About 315,000 grave violations against children in conflict or war were verified by the United Nations between 2005 and 2022 according to UNICEF.
More than 120,000 children were killed or maimed.105, 000 others recruited or used by armed forces or armed groups, more than 32,500 were abducted and more than 16,000 children were subjected to sexual violence.
From 2005 UNICEF reports that these violations were committed by parties to conflict in more than 30 conflict situations across Africa, Asia, the Middle East, and Latino America.
Further, the UN has also verified more than 16,000 attacks on schools and hospitals and more than 22,000 instances of denial of humanitarian access for children.
As these are just the cases that have been verified, the true toll is likely to be far higher.
Additionally, many millions more children have been displaced from their homes and communities, lost friends or family, or been separated from parents or caregivers.
UNICEF Executive Director Catherine Russell said “Any war is ultimately a war on children. Exposure to conflict has catastrophic, life-changing effects for children. While we know what must be done to protect children from war, the world is not doing enough. Year after year, the UN documents the visceral, tragic and all too predictable ways that children’s lives are torn apart. It is incumbent on all of us to ensure that children do not pay the price for the wars of adults, and to take the bold, concrete action required to improve the protection of some of the world’s most vulnerable children.”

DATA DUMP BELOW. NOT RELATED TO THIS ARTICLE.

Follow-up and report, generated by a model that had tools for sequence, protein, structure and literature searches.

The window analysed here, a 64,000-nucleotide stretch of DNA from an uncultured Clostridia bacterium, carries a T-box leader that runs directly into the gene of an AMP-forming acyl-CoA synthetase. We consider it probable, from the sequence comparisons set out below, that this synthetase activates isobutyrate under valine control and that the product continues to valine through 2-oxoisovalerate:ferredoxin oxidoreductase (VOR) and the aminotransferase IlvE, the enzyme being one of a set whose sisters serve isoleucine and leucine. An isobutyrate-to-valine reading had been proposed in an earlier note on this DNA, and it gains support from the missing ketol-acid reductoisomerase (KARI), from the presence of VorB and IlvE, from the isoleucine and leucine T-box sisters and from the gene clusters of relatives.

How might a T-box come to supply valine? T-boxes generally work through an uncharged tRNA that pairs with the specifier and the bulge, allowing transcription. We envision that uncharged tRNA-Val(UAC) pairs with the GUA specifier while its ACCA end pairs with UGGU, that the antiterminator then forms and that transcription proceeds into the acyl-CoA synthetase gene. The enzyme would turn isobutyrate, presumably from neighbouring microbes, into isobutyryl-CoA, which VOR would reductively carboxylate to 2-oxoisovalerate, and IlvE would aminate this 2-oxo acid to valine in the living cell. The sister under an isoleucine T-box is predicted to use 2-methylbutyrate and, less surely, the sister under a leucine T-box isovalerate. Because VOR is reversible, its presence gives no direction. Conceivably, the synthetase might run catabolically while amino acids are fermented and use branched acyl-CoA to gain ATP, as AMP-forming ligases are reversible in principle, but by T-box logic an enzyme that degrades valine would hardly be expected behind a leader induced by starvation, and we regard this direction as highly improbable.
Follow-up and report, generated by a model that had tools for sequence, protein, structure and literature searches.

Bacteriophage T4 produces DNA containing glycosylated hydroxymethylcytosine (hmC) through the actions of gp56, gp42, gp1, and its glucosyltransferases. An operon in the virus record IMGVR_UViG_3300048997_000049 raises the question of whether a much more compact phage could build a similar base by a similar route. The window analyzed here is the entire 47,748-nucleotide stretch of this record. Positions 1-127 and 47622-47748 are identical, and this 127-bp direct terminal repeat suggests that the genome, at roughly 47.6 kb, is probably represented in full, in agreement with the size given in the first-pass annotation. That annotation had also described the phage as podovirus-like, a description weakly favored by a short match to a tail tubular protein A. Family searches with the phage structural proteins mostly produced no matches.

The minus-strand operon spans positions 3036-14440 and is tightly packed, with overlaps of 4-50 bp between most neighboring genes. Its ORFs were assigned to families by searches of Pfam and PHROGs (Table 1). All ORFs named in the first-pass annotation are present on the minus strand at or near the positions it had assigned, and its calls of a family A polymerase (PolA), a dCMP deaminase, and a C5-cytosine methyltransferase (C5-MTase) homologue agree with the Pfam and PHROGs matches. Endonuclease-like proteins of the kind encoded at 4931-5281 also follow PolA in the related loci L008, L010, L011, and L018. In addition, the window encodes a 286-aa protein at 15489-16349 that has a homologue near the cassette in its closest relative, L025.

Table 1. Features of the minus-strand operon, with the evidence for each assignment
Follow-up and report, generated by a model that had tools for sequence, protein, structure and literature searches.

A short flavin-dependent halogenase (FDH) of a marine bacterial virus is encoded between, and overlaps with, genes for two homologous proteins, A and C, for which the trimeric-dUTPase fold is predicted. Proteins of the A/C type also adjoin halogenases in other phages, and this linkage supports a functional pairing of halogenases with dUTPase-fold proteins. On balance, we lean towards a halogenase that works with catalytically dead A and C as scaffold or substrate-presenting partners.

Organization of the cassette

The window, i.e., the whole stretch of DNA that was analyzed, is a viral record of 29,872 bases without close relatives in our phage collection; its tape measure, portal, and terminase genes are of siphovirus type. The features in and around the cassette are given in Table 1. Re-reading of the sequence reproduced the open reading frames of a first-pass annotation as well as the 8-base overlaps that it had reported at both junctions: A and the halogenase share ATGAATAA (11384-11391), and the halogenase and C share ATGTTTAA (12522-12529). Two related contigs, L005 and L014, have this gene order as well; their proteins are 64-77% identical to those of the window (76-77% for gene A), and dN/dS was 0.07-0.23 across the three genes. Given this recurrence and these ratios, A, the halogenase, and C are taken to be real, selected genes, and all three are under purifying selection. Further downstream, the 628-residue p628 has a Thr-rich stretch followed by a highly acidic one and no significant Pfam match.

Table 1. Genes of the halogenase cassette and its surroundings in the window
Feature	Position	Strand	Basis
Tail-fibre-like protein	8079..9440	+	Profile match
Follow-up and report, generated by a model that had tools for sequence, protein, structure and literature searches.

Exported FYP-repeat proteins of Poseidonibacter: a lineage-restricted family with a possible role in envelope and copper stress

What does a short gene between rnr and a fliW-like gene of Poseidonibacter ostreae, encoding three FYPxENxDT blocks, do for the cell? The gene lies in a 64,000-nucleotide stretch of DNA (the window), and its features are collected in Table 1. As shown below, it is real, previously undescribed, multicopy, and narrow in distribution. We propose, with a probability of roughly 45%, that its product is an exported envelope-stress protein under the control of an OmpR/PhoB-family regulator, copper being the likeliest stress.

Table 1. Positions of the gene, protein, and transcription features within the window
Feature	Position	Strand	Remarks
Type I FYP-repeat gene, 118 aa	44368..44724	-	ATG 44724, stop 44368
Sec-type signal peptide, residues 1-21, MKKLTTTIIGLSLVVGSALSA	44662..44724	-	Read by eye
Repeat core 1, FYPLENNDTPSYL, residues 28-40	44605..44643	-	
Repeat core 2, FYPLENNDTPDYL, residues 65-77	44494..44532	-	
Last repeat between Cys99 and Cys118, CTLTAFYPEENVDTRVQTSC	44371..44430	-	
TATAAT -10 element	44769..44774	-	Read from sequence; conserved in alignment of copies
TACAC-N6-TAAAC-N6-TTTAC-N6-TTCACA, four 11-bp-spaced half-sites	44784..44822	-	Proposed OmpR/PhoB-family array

Unfortunately, the scale of the child protection risks to children affected by conflict is not matched by the scale of funding available to address these issues, UNICEF says.
A new analysis by Humanitarian Funding Forecasting, commissioned by UNICEF, Save the Children, the Alliance for Child Protection in Humanitarian Action and the Global Child Protection Area of Responsibility, reveals that by 2024, the child protection sector will require US$1.05 billion, increasing to US$1.37 billion by 2026, to address the protection needs of children in armed conflict.